Evergreen tree growing to 26 ft (8 m). Has pale brown bark, glossy oval leaves, clusters of small yellow flowers, and large, pear shaped, red-yellow seed pods.
Habitat & Cultivation
Native to Mexico and Central America, cacao is now a major crop throughout the tropics. The seed pods are harvested several times a year and are cut directly from the trunk of the tree (where they grow). One pod contains up to 50 beans, with roughly 900 weighing 2¼ lb (1 kg). According to the World Cocoa Foundation, world production of cacao in 2012 was more than 3.8 million tons.
The unprocessed seed pulp contains high levels of polyphenols (mostly proantocyanidins and catechins), xanthines (including caffeine), a fixed oil, and many constituents responsible for chocolate’s flavor. Due to fermentation and the processing involved, chocolate has significantly reduced levels of polyphenols. Minute quantities of endorphins (powerful painkillers that occur naturally within the body) are also present in cacao.
History & Folklore
The word “chocolate” derives from chócolatl, the name given to this tree by the Aztecs. In 1720, Cotton Mather, an American preacher and natural historian, praised cacao, writing that the plant “supplies the Indian with bread, water, wine, vinegar, brandy, milk, oil, honey, sugar, needles, thread, linen, clothes, caps, spoons, besoms, baskets, paper, and nails; timber, coverings for their houses; masts, sails, cordage for their vessels; and medicine for their diseases; and what can be desired more?”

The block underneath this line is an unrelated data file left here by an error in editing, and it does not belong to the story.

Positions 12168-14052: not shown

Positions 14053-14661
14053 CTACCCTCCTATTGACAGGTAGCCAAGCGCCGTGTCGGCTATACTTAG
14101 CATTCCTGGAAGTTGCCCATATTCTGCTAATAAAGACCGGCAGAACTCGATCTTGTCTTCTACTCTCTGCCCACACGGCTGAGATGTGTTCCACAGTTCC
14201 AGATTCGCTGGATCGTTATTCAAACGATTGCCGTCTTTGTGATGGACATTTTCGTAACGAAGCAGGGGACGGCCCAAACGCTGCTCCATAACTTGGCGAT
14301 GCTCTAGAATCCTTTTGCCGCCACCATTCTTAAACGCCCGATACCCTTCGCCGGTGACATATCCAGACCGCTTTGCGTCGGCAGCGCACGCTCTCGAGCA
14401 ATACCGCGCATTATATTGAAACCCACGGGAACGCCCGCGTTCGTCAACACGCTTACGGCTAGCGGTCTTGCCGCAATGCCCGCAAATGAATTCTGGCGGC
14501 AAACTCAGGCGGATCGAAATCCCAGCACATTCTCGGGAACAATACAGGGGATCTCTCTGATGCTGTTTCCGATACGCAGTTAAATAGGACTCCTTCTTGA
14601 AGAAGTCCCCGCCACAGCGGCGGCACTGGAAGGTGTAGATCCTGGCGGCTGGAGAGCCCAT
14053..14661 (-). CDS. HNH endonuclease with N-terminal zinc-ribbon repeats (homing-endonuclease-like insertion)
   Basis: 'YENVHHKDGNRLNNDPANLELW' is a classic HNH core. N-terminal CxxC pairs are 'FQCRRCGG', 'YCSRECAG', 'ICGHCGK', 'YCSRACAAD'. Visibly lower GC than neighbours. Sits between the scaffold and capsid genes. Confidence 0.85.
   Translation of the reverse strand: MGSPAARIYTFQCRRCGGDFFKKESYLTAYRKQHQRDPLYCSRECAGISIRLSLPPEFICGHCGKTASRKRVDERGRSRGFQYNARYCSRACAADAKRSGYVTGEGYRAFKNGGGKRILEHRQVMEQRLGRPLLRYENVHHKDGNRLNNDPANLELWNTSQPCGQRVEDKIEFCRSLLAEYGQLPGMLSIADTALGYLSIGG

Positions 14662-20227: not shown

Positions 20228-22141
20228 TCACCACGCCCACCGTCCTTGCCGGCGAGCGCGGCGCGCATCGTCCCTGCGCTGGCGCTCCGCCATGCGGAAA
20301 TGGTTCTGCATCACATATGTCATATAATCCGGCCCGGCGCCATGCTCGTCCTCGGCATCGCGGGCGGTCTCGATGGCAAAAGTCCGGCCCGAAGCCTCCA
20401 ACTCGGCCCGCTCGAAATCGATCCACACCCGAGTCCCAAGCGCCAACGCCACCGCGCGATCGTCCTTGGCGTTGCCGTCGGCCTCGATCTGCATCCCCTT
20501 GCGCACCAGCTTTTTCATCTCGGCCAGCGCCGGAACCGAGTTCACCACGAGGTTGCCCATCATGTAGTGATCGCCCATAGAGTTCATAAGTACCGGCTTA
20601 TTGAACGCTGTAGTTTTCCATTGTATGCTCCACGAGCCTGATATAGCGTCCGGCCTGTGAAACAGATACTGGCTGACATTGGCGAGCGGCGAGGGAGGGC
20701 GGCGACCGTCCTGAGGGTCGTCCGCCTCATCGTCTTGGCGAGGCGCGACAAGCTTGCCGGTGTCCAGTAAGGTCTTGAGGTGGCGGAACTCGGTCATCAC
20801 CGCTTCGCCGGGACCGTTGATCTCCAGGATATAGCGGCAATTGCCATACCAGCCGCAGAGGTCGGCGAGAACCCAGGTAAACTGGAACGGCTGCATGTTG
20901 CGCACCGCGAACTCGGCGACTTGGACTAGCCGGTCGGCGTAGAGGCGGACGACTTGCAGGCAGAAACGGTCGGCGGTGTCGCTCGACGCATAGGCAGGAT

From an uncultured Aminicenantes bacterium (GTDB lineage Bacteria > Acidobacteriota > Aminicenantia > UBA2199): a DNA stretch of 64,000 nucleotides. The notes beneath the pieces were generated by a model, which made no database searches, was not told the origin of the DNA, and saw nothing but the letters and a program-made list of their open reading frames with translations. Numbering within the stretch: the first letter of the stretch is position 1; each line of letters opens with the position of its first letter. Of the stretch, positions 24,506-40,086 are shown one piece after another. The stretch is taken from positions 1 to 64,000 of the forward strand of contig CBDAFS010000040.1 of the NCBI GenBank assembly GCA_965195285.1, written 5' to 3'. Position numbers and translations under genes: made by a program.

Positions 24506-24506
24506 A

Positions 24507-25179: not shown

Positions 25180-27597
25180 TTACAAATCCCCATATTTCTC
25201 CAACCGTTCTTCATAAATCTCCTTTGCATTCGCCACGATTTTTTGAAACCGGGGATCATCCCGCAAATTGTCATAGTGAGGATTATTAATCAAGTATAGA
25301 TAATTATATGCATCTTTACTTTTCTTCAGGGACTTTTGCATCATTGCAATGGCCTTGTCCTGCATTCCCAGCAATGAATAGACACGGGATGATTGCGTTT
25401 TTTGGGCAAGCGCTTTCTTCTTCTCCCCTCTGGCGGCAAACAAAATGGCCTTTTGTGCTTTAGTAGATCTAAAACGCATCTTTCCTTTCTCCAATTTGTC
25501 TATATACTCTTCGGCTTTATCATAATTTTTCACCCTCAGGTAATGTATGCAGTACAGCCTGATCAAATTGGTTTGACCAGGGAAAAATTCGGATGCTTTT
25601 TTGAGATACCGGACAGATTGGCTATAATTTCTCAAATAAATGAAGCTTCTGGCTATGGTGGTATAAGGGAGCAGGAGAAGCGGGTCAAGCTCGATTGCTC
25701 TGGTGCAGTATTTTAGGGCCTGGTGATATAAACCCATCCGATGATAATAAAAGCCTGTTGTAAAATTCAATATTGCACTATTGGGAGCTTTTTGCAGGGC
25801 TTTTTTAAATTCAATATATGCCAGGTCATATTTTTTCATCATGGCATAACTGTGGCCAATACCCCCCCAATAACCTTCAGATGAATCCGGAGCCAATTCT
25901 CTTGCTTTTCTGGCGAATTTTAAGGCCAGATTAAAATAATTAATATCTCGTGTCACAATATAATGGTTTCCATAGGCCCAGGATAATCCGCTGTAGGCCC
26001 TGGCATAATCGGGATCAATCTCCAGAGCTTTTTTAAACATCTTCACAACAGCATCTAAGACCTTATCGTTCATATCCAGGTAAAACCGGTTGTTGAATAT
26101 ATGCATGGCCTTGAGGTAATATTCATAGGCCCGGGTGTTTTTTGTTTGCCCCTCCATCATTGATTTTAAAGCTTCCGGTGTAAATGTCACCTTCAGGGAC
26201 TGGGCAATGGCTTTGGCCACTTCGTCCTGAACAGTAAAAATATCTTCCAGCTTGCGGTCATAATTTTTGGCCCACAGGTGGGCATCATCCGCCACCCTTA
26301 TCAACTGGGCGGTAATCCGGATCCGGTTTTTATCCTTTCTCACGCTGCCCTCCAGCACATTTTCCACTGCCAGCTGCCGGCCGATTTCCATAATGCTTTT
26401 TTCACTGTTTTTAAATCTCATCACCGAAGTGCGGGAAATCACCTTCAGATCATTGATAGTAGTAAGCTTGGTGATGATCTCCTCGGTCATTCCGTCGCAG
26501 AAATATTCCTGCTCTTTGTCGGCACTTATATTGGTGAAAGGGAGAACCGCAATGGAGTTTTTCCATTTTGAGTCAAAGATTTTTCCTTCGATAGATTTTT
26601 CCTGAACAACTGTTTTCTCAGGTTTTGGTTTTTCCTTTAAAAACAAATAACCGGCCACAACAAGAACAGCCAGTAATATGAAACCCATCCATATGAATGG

Medicinal Actions & Uses
Though cacao is most often used as a food, it also has therapeutic value as a nervous system stimulant. In Central America and the Caribbean, the seeds are taken as a heart and kidney tonic. The plant may be used to treat angina, and as a diuretic. Cacao butter (the fixed oil) makes a good lip salve and is often used as a base for suppositories and pessaries.
The potent mix of polyphenols in the unprocessed seed pulp has been the main focus of research into cacao. These have a protective activity on the heart and blood vessels, particularly supporting the capillaries or microcirculation. Cacao consumption is linked with lower blood pressure and cholesterol levels, as well as a reduced risk of coronary heart disease and stroke.
It also appears to have an anti-diabetic activity, stimulating the pancreas to regulate blood sugar levels more effectively. Other potential uses of cacao that have been investigated include the prevention of tooth decay, as an aid to weight loss, as a cancer-preventative food within the diet, and as a treatment for chronic fatigue.